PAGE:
Well, you may be sorry you asked for my advice, but I'm hoping it helps. I just moved cross-country with two cats back in May.
Take them to the vet to be sure they're healthy
I did with Bella, and I had a full blood panel drawn so I would have a baseline to compare to after the move, in case she started showing signs of illness. (This, incidentally, helped to diagnose her CRF five months later) Get copies of all your vet records while you're there.
Be sure you have a carrier for each kitty. I can tell you from experience, travelling with kitties loose in the car may sound like fun, but it can
be downright dangerous!
Try to get your kitty used to a figure-8 harness. It'll be easier to control them when you take stretch breaks if you have a leash.
Pack a care kit for the cat(s): food, water, a litterbox (covered ones work best and can be strategically packed for easy access on the road) and some favorite toys, FELIWAY spray, a favorite bed if they have one. Helps 'em feel more at home on the road.
If you have a chance, secure the kittie(s) in one room, with a FELIWAY diffuser and their bedding/toys, while the movers are there, so they don't get trampled underfoot or worse, escape.
Prep the carrier(s) by lining with towels/blankets and spraying them down with Feliway to calm the kitties in transit. Repeat this process every morning if you're on the road for more than one day, and it'll help maintain everyone's sanity.
VERY IMPORTANT!!! Withhold food for at least four hours before travelling. Free feed in the evening when you get to the hotel, but put up the food before bed. Don't worry, Kitty probably won't feel like eating while you're driving anyway.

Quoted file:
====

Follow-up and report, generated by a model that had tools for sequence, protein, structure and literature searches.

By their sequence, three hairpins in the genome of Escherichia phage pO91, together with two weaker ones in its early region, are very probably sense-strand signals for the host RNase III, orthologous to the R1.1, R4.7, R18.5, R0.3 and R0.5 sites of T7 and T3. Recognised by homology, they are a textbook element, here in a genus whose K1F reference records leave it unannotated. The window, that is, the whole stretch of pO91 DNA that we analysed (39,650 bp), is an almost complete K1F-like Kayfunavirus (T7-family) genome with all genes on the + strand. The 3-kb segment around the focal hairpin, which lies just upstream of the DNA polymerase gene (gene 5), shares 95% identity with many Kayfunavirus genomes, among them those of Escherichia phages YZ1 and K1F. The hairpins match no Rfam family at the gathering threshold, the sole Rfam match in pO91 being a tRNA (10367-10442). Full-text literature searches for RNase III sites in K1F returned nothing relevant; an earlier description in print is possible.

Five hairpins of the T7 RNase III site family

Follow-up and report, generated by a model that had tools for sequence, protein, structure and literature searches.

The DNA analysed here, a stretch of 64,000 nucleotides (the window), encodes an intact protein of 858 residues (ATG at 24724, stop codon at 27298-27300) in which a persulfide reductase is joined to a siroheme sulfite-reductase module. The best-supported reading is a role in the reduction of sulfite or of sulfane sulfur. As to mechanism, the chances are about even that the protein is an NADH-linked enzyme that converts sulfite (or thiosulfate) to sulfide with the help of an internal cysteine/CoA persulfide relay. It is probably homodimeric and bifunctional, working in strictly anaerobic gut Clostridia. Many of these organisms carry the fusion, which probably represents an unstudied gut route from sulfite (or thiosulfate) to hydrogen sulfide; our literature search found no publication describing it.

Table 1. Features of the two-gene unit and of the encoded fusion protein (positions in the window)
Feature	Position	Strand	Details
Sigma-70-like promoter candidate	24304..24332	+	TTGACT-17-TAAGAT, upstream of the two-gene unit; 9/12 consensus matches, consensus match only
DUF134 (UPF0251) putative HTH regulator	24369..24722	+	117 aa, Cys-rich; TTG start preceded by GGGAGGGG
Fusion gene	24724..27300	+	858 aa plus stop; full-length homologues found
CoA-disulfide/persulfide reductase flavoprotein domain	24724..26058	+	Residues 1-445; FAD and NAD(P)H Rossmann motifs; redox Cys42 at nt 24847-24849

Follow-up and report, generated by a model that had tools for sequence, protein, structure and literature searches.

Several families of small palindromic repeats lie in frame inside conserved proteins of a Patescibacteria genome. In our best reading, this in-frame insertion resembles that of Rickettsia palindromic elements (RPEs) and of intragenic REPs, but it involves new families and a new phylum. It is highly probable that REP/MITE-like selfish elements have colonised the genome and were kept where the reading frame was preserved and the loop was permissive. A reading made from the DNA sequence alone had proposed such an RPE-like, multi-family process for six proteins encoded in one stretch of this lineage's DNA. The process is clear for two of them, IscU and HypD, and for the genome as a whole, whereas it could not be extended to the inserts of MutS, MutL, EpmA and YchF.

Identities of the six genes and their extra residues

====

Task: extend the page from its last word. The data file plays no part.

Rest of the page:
I learned this the hard way with Bella; she ate breakfast abt 90 mins before we left, and when we got out on the interstate, she was nervous as usual. She yowled non-stop for over an hour, until she literally made herself sick
So after less than two hours on the road, we stopped to clean out the cat carrier and clean her up as best we could.
I found my Bella was calmer when she could see me from inside her carrier (and get the occasional scritch through the bars
). Expect some nerves when you start out, but they should settle in after an hour or so. Mika never made a peep, but she was never the nervous type anyway. Bella was a little tougher, but even she got some shut-eye during the drive.
Give kitty stretch/potty breaks when you do. Attach the leash to the harness so she doesn't bolt, and so she'll be easier to retrieve if she decides to find a hideout (Bella's favorite was to try and climb up in the engine compartment) If you stop at a nicely landscaped rest area, you can both take a stroll in the grass!!! He may be more at home in his own litterbox, so be sure to at least offer it, every 3-4hours usually worked well for us.
Just like with introductions, be sure to confine Kitty to one room to start out. A whole new house can be pretty overwhelming, with all the new sights, sounds and smells. Plug in your Feliway diffuser to calm them. Leave the old blankets, carrier, litterbox and toys in a room that's not high traffic while the movers are there. Give 'em a day or two to get used to the new space, visit them often to let 'em know you still love 'em, and let them explore the new place on their own schedule.
Just be aware that they WILL find new and interesting hiding spaces that you never thought possible.